The Apogee Apollo capsule is beautifully detailed, particularly the Boost Protect Shield (BPS) portion of the capsule. Unfortunately, the Little Joe II QTV (which the Estes K-30 modeled) and “boilerplate” flights did not use a real Apollo capsule. Instead, they carried simple “boilerplate” mock-ups of the Apollo capsule, which lacked all of that beautiful BPS detail. So I carefully and tediously scraped and sanded the BPS details until the Apogee capsule was smooth. Note that the very last Little Joe II flight — SC-002 — used an actual Apollo capsule and hence had all that BPS detail. However to properly model that configuration I would also have need to create the Reaction Control System details, and I elected not to do that (maybe next time J). The Estes K-30 instructions also add a “NCW-3” lead ballast weight to the escape tower tube, so I filled the Apogee escape tower tube with clay to get the same effect. This ended up being less than completely successful — as I discover ed when it came time to fly it (more on that later).
Finishing the rocket was reasonably straightforward. Although the original K-30 modeled the “QTV,” I prefer the “look” of the BP-12 (like the Estes 0892 Little Joe II kit), so that is what I modeled. I used a couple coats of primer to smooth out some minor imperfections in the built-up fins and fill the body tube spirals. The primer also helped ‘seal’ the surface of the Apollo capsule after all that sanding to remove the BPS details. I then painted everything gloss white, before masking off and painting the lower section silver. I finished it off with a set of appropriately scaled decals from Tango Papa.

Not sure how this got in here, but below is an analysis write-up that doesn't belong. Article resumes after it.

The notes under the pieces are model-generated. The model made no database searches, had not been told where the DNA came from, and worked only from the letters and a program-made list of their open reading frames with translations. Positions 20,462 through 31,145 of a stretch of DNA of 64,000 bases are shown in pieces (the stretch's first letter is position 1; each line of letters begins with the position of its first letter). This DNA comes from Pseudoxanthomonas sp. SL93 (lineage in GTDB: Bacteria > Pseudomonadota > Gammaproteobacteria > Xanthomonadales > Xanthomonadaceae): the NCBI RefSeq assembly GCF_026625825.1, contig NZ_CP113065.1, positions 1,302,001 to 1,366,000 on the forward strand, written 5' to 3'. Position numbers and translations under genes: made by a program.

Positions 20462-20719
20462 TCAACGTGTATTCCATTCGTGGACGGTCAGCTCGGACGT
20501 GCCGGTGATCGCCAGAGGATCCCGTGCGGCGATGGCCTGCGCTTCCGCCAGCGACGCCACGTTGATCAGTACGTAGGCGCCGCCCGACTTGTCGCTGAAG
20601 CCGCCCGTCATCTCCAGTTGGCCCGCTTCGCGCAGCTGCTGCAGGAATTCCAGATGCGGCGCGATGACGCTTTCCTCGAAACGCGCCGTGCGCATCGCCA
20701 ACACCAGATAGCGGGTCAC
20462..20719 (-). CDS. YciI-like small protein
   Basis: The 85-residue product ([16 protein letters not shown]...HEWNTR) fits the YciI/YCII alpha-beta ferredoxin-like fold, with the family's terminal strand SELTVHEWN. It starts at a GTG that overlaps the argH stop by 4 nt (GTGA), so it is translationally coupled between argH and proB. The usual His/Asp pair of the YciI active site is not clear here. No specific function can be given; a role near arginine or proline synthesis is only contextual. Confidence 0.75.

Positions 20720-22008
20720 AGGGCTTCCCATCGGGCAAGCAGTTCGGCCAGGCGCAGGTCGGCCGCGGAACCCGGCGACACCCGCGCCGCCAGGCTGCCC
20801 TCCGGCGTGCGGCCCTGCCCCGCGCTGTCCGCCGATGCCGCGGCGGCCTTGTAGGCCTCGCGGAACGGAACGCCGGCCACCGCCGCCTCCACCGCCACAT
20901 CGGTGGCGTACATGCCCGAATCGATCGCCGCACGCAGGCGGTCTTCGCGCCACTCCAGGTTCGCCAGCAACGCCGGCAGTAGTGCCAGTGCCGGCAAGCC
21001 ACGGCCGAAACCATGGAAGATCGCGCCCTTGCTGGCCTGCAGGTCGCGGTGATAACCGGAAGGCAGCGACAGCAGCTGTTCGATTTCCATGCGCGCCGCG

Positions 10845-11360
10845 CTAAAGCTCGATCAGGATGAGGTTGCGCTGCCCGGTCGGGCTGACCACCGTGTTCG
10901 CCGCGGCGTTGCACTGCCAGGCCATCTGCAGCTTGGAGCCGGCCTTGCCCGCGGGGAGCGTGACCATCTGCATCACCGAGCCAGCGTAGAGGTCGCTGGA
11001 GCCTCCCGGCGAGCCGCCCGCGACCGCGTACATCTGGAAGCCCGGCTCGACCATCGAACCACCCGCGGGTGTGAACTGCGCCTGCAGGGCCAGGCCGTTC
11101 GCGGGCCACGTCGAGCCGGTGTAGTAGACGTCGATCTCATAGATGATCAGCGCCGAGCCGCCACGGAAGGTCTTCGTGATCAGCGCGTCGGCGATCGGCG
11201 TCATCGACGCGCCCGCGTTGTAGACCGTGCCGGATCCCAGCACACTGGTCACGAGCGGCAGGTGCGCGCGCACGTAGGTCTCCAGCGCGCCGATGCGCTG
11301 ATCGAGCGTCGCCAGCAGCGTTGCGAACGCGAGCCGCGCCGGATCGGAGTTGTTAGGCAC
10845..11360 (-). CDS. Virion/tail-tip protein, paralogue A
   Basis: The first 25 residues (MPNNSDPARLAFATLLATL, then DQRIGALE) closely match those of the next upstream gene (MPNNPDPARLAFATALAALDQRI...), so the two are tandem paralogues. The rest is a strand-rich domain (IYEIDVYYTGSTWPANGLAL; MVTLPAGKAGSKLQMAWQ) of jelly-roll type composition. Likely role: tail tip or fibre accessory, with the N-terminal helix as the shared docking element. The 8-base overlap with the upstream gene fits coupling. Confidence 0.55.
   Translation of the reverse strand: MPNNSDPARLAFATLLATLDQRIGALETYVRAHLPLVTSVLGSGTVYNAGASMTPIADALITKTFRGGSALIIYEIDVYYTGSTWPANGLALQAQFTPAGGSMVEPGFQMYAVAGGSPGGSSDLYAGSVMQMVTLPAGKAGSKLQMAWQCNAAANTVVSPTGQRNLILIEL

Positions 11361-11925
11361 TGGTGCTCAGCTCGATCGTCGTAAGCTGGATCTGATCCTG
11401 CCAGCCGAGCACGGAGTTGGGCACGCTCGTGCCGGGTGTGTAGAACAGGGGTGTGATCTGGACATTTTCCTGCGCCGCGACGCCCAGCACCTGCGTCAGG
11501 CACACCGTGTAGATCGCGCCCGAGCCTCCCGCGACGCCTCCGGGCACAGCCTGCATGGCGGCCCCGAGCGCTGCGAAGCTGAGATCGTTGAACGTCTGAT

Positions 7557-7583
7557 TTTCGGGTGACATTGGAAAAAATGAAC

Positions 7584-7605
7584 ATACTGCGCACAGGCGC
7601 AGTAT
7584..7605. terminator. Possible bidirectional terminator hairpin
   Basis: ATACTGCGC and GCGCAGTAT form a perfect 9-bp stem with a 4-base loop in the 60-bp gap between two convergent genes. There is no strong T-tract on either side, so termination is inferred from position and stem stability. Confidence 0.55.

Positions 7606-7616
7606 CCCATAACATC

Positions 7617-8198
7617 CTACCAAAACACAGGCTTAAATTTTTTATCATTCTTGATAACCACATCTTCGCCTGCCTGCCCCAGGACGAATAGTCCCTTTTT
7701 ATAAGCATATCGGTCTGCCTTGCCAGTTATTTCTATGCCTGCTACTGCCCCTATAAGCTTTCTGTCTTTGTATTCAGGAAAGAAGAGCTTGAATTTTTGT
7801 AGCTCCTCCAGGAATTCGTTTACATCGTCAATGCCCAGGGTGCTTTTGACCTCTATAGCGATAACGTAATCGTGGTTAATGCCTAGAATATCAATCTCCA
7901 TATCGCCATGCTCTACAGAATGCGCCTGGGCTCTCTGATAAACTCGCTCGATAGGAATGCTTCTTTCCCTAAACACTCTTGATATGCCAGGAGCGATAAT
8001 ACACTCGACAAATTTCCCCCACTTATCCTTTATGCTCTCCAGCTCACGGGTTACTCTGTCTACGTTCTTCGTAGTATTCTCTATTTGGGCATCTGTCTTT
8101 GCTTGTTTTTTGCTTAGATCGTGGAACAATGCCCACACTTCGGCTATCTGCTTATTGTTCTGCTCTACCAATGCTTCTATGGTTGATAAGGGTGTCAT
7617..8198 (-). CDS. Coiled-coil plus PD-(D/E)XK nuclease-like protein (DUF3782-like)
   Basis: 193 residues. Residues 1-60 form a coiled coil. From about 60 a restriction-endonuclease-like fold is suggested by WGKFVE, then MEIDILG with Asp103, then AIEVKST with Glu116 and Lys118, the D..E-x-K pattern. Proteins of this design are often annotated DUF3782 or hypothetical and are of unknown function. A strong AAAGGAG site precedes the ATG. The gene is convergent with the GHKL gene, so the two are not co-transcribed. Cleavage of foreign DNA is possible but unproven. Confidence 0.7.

Construction Rating: 4 out of 5
The recommended engines (from 1970) were A8-3, B4-2, B6-4, and C6-5 (plus the no longer produced A5-2), however I used a C6-3 for the first flight. The short delay turned out to be fortuitous — although the initial boost off the pad was OK, the Little Joe II went unstable and began chasing its tail about 100 feet up. However it did gain enough altitude that — combined with the short delay — it deployed the parachute and recovered safely. Apparently the Apogee Apollo capsule is light enough (compared to the Estes original) that filling the escape tower with clay was not sufficient to insure stability. So I stuffed some more clay into the base of the Apollo capsule, such that the CG of the Little Joe II, fully prepped with a C engine, was 4.75-inches aft of the tip of the Apollo capsule. The next flight (again with a C6-3) was perfectly stable, but this time the parachute became entangled with the Kevlar® heat shield I used and didn’t open. Fortunately the damage was not serious — one fin snapped off, and the escape tower tube split open along the spirals — and was easily fixed. However the damage to the escape tower tube did convince me that filling the tube with ballast clay was not such a good idea. Simply putting the ballast clay in the base of the capsule may be a better solution.
I give the Little Joe II a 4 1/2 rating (well, after I solved the stability issue). It is a nice flier, and it certainly isn’t the rockets fault the parachute didn’t open.
Flight Rating: 4 out of 5
The Apogee Apollo capsule kit makes it reasonably easy to create a 1/70th scale Little Joe II, although it is a shame to remove all those beautiful details from the Apollo boost protect shield. All the needed construction materials are readily available, and the construction itself is not overly challenging. This Little Joe II — once I got it stable — is a nice flier and a great ‘attention grabber.’
Overall Rating: 4 out of 5